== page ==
Bulletin of the Southern California Academy of Sciences
Volume 70, Page 114-124

Observations on the Distribution and Ecology
of the
Littoral Ascidians
of the
Mainland Coast of Southern California

Rimmon C. Fay and Jeffrey V. Johnson

ABSTRACT: A study of the littoral ascidians of the mainland of southern California was conducted during the summer of 1970. The collecting sites are recorded and natural history notes on the 41 species listed are presented. The number of species found in each of the four areas studies along the coast (Santa Barbara, Point Dume, Palos Verdes-Los Angeles Harbor, and San Diego) suggests that the contemporary distribution of tunicates may be controlled more by water quality than by availability of a physically suitable habitat.

The distribution, natural history, was first reported by Ritter and Forsyth (1917) and later reviewed and expanded by Van Name (1945). Both accounts were based on observations and collections made in the littoral zone and by dredging in the sub-littoral zone. A preliminary survey of this group of stenohaline organisms in southern California during 1970 resulted in some additions to the notes on the natural history of these organisms and a contemporary definition of their distribution.

Millar (1960) and others have advanced reasons .....

All collections from the intertidal zone to a maximum depth of 50 m were made south-east of Pt. Conception..............

The coast was arbitrarily divided into four collecting areas (Fig. 1-5), ranging from Santa Barbara southeast to San Diego. The species collected, ............

Unidentified Styelid species. The colonies may have a light sand covering if taken near the surf zone. Specimens were collected at a dept of 4 m from the exposed side of the Venice breakwater on 22 August 1970.

Botryllus sp. This genus is also common in the Marina del Rey, Venice, California.

The four delimited areas surveyed along the mainland coast of southern California yielded a total of 40 recognized species of ascidians. This compares favorably with the 29 species noted as occurring in the littoral zone in this region by Ritter and Forsyth (1917). .............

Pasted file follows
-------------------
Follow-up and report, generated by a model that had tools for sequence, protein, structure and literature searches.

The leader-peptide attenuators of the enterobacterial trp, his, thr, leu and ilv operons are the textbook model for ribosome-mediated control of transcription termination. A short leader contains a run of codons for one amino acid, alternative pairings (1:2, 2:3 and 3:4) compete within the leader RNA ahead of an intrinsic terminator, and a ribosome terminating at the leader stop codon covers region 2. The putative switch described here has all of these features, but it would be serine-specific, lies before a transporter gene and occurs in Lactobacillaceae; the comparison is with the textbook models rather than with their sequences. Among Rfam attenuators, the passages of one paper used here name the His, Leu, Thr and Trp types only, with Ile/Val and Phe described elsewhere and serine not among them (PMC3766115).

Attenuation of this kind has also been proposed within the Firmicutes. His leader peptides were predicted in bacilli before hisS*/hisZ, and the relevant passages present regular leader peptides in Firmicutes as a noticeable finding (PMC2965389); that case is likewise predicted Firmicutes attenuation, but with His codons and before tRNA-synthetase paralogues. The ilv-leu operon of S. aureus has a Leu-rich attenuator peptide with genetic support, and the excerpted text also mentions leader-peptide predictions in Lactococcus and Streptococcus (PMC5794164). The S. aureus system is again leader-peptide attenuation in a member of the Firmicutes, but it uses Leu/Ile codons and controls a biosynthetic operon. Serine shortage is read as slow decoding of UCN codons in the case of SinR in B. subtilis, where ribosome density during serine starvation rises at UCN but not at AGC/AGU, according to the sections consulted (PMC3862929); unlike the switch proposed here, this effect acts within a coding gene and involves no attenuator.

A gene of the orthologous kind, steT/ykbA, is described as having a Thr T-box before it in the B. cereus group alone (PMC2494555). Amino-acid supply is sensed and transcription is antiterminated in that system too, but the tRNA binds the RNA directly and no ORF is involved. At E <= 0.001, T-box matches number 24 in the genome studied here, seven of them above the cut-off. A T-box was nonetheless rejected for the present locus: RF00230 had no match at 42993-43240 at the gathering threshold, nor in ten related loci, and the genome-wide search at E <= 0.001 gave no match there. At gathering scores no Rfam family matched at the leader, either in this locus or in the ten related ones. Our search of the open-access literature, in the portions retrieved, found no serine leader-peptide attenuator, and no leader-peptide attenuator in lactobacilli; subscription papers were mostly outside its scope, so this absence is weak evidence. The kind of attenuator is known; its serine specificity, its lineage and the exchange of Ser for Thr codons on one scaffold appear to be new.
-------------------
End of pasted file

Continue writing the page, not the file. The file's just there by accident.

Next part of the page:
Water quality conditions along the coast line of the greater Los Angeles area have altered radically over the past 25 years. The reduction in abundance of certain species of benthic marine algae has been observed and the extirpation of Macrocystis pyrifera from the Palos Verdes Peninsula occurred during a period when the waste input into the waters bordering the peninsula increased rapidly; it is now on the order of 1.5 billion liters per day. About 2 billion liters of heated sea water discharged into King Harbor Marina per day from the Redondo Beach power plant of the Southern California Edison Company. Los Angeles Harbor receives 29.5 million liters of sewage per day (Crippen and Reish, 1969) in addition to industrial wastes (largely brines) and some thermal wastes (Reish, 1959).

Since qualitatively and quantitatively equivalent waste loadings are not introduced into the water masses about the region of Santa Barbara and San Diego, it may be that the comparatively reduced number of species of tunicates found in the Palos Verdes area and in the bays in the area of greater Los Angeles demonstrates the presence of biologically unfavorable water quality in this area. It appears that the changes in water quality along the southern shoreline of Los Angeles County which have occurred and which currently exist are detrimental and limiting to sensitive species of both algae and benthic invertebrates.

... Thanks are certainly due to Flare Drafting Service for the figures and to Mrs. J. M. Fay for typing the manuscript.

Abbott, D.P. 1953. Asexual reproduction in the colonial ascidian Metandrocarpa taylori, Huntsman. University of California Publicatons in Zoology 61:1-78.

Ritter, W. and R. Forsyth. 1917. Ascidians of the littoral zone of southern California. University of California Publications in Zoology 16: 439-512.

Van Name, W. 1945. North and South American Ascidians. Bulletin of the American Museum of Natural History 84: 1-476.

[Fourteen more references were cited by Rim Fay and they will listed here in the near future by Robert van de Hoek]

Closing Remarks
Robert 'Roy' J. van de Hoek
Marine Biologist, Vertebrate Field Zoologist, Botanist, Ecologist Archaeologist, Naturalist, and Geographer
Malibu, California

As a student at UCLA, Rimmon Fay distinguished himself in earning a PhD. He also discovered in Malibu that barnacles can attach to sea urchins. This was done as a scuba diver and then reported to a professional biologist named Boolotian. Rim Fay was acknowledged in that scientific article. Rim Fay has distinguished himself by being the first scientist, namely a marine biologist, to serve on the California Coastal Commission. He has been used as reference in making the John Steinbeck film called Cannery Row, which starred Nick Nolte. And now he shares his wisdom and experiences with new enviromental activists and scientists, who will listen, because he is a very eclectic individual and it requires patience to hear his message to all of us. He blew the whistle loud and clear on the deteriorating marine environment of southern California more than 30 years ago, in 1972. He was recognized in 2001 by the California Coastal Conservancy annual meeting at Dana Point. Don May and Ellen Stern Harris made glowing remarks about this incredible marine biologist, who is not afraid to speak his mind.